Imagine, Gentle Reader, that rather than talking to one another about how much of your money to spend, Congress is a single individual, and he’s talking directly to you, hoping to win your approval for his spending bill. Your exchange might go thus:
CONGRESS: So you see, this $[insert insane spending amount here] appropriations bill will actually leave you better off!
CONGRESS: Well, no, but…it will relieve all these [insert undesirable social conditions here] so greatly that you’ll be glad we spent the money!
YOU: Those social conditions don’t bother me.
CONGRESS: What? Don’t you care?
YOU: Frankly, no, I don’t. Other people’s problems are for them to solve. But let’s imagine for a moment – strictly for the sake of this discussion, mind you – that I do care, I approve your bill, and the conditions you’ve mentioned don’t improve. Would you then pass a bill that refunds my money?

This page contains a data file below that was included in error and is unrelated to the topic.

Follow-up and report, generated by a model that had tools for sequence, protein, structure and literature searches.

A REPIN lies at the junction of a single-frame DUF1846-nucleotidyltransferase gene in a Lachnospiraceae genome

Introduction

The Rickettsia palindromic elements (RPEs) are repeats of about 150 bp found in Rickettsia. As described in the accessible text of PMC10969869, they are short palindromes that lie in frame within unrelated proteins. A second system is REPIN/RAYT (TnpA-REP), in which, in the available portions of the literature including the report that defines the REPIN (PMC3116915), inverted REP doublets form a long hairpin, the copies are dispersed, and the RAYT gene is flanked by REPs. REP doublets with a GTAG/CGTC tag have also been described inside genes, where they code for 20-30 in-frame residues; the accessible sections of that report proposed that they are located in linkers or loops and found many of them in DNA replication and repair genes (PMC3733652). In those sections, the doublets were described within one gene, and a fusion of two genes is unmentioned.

CONGRESS: Well, no, we’d probably—
YOU: Don’t tell me: You’d pass another, even bigger appropriations bill, wouldn’t you?
CONGRESS: Oh, not necessarily…
YOU: It’s what you’ve done in every previous case. So, perhaps you see why I don’t approve your bill?
CONGRESS: [drawing himself up in injured dignity and disapproval] I can see there’s no point in talking to you. I’ll simply proceed without your assent.
YOU: And that, too, is what you’ve done in every previous case. So: see this? [Holds up coil of 3/4-inch hemp rope – the scratchy kind.]
CONGRESS: Uh, yeah?
YOU: Pick your preferred lamppost.
That’s how I see it going, Gentle Reader. What about you – and what does the unwillingness of Congress to deal with the American public on an honest, evenhanded basis, admitting its past failures and its inability to guarantee the results it perpetually assures us will spring from its profligacies – in 2 years or your money back! – say to you about our so-called democracy?